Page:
The Eighties Club
The Politics and Pop Culture of the 1980s
Stars of the '80s
Danny DeVito
Born 17 November 1949 in Neptune, New Jersey, Danny Michael DeVito was born to Daniel and Julia DeVito, the former a small business owner who, at various times, owned a dry cleaners, a dairy outlet, a luncheonette, and a pool hall. The product of a Catholic school upbringing, Danny attended the American Academy of Dramatic Arts in New York where, in 1970, he met Rhea Perlman. The couple lived together throughout the '70s, and married in 1982; they produced three children: Lucy (1983), Grace (1985), and Jake (1987).
DeVito made his screen debut in 1968's Dreams of Glass, but soon decided to focus on stage work. His credits include Down the Morning Line and The Shrinking Bride. But in 1975 he was back on the big screen, reprising his stage role of Martini in One Flew Over the Cuckoo's Nest. That same year he and Rhea wrote and produced Minestrone, which has been shown twice at the Cannes Film Festival. In 1978, he landed the role of Louie De Palma, the unscrupulous and tyrannical dispatcher for a cab company in the award-winning sitcom Taxi, which ran for five seasons. He won both an Emmy and a Golden Globe for best supporting actor. (In a 1999 TV Guide readers' poll, DePalma was voted # 1 in "TV's Fifty Greatest Characters Ever.")
In the 1980s, DeVito graduated to the big screen, and soon earned a reputation as one of Hollywood's best character actors, specializing in repugnant but endearing scoundrels. He directed several episodes of the series Amazing Stories in the mid-80s, and also helmed the dark comedies Throw Momma From the Train and The War of the Roses. In the Nineties, DeVito became a producer, co-founding Jersey Films, a company which has produced over 20 films, including hits like Pulp Fiction (1994) and Get Shorty (1995) to his credit.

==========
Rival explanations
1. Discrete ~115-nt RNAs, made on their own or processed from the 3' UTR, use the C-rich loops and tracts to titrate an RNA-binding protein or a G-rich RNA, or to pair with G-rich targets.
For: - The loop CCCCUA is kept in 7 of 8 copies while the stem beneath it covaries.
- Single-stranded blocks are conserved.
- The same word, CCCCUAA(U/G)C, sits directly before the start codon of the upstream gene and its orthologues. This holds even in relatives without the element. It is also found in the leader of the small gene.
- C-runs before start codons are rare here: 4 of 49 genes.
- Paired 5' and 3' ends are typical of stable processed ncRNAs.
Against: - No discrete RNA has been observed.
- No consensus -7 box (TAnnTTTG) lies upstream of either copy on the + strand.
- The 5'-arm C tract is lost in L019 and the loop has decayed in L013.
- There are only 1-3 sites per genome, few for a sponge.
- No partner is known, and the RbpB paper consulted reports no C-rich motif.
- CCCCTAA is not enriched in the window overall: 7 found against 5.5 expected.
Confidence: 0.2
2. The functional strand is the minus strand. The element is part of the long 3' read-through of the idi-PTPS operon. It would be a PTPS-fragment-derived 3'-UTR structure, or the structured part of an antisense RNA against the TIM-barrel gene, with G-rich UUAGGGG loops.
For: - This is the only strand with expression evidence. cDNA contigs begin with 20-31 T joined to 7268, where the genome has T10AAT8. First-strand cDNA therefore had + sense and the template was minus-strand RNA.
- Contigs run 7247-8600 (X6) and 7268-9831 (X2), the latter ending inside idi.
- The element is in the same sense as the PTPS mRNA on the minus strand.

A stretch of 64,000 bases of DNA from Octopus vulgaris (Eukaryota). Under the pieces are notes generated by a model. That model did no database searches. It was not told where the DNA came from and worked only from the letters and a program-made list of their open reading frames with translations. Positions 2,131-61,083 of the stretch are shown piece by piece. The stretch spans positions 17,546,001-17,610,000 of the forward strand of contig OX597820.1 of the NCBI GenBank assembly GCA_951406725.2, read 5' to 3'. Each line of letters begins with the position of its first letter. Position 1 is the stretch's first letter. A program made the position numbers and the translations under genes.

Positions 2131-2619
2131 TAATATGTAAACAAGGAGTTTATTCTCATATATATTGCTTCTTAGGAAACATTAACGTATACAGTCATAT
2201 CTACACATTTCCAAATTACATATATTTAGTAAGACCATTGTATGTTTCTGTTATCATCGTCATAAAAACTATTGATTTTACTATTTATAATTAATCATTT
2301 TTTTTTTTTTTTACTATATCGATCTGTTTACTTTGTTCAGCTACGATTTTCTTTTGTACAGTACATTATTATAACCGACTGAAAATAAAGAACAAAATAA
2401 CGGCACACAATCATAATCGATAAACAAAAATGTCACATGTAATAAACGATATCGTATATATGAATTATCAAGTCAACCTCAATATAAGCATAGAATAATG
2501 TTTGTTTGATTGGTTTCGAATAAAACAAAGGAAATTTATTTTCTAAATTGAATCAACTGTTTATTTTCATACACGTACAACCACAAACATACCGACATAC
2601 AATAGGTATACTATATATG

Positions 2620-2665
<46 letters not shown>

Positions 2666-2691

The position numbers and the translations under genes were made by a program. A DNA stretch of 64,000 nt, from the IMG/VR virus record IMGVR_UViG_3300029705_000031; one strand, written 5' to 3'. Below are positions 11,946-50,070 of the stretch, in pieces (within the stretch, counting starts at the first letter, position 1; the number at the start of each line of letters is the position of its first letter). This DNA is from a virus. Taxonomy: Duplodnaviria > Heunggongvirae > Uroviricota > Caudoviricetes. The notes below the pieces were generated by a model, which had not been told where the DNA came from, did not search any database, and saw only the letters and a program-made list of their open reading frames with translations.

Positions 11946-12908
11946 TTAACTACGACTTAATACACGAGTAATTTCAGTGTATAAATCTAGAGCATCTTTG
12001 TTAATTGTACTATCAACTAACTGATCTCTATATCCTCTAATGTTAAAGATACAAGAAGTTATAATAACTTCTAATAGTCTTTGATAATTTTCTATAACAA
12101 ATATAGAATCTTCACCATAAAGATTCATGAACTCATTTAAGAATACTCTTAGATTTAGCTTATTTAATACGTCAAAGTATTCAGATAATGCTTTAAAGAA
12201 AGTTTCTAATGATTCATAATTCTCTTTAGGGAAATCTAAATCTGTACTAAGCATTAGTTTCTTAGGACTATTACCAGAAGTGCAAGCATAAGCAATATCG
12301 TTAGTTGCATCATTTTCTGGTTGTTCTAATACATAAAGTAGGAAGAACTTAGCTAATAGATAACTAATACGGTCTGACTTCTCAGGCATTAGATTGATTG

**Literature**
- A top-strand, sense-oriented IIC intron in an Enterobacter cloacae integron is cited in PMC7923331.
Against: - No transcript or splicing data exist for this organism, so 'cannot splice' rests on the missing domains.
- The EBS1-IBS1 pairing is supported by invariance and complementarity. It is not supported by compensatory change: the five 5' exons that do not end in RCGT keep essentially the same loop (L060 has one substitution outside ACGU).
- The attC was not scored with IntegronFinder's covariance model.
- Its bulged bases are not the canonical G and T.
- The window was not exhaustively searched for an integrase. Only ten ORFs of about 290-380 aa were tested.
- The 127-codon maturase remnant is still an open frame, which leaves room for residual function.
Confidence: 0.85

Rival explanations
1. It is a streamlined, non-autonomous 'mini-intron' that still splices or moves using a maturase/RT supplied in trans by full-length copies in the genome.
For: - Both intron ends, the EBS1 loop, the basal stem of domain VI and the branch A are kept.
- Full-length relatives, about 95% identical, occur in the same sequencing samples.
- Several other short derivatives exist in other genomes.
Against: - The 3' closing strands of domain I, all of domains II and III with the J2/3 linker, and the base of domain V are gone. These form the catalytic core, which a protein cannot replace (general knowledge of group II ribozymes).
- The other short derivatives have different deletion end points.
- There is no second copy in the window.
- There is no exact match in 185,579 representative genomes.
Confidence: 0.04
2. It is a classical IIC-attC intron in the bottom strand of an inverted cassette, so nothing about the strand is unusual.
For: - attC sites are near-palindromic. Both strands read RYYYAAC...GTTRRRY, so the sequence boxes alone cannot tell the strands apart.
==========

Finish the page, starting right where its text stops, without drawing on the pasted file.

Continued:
1980s Filmography
The Gong Show Movie (1980)
Going Ape! (1981)
Terms of Endearment (1983)
Romancing the Stone (1984)
Johnny Dangerously (1984)
The Jewel of the Nile (1985)
Head Office (1985)
Wise Guys (1986)
My Little Pony: The Movie (1986)
Ruthless People (1986)
Tin Men (1987)
Throw Momma From the Train (1987)
Twins (1988)
The War of the Roses (1989)


Critics' Comments

Tin Men (1987)
"Both Dreyfuss and DeVito give striking performances -- natural, wry, and convincing. DeVito, in particular, provided with a role that doesn't force him to mug constantly, creates a realistically rounded character." -- People

Throw Momma From the Train (1987)
"Danny DeVito, the Rumpelstiltskin of American comedy, takes a tumble in his directorial debut with an embarrassing remake of Hitchcock's "Strangers on a Train." The teeny auteur turns the murder-swapping thriller into a dispirited black comedy, "Throw Momma From the Train." Better yet, just throw the whole thing in front of a subway and hope it gets dragged a couple of miles."
-- Rita Kempley, The Washington Post

The War of the Roses (1989)
"Under the astute direction of Danny DeVito, who does a sly turn as Oliver's attorney, this acid-dipped epic of revenge is killingly funny and dramatically daring....In his second film as a director, following the uneven Throw Momma From the Train, DeVito sharpens every barb in the wily script Michael Leeson has adapted from Warren Adler's novel. Some may recoil at the shocking extremes to which DeVito takes this modern cautionary fable of greed. An epilogue simplistically spells out the moral. It's unnecessary. DeVito triumphs by instilling this caustic satire with truth and consequence."
-- Peter Travers, Rolling Stone


A chain smoker, DeVito quit prior to making The War of the Roses; during the film, he smoked cigarettes filled with dried lettuce.
When he was starting out in Hollywood, DeVito roomed with Michael Douglas.
DeVito was a qualified hair stylist before becoming an actor.


Awards
1980 -- Golden Globe, Best TV Actor in Supporting Role (Taxi)
1981 -- Emmy, Outstanding Supporting Actor (Taxi)
1985 -- NATO (National Assoc. of Theater Owners) Special Award of Merit
1989 -- NATO Star of the Year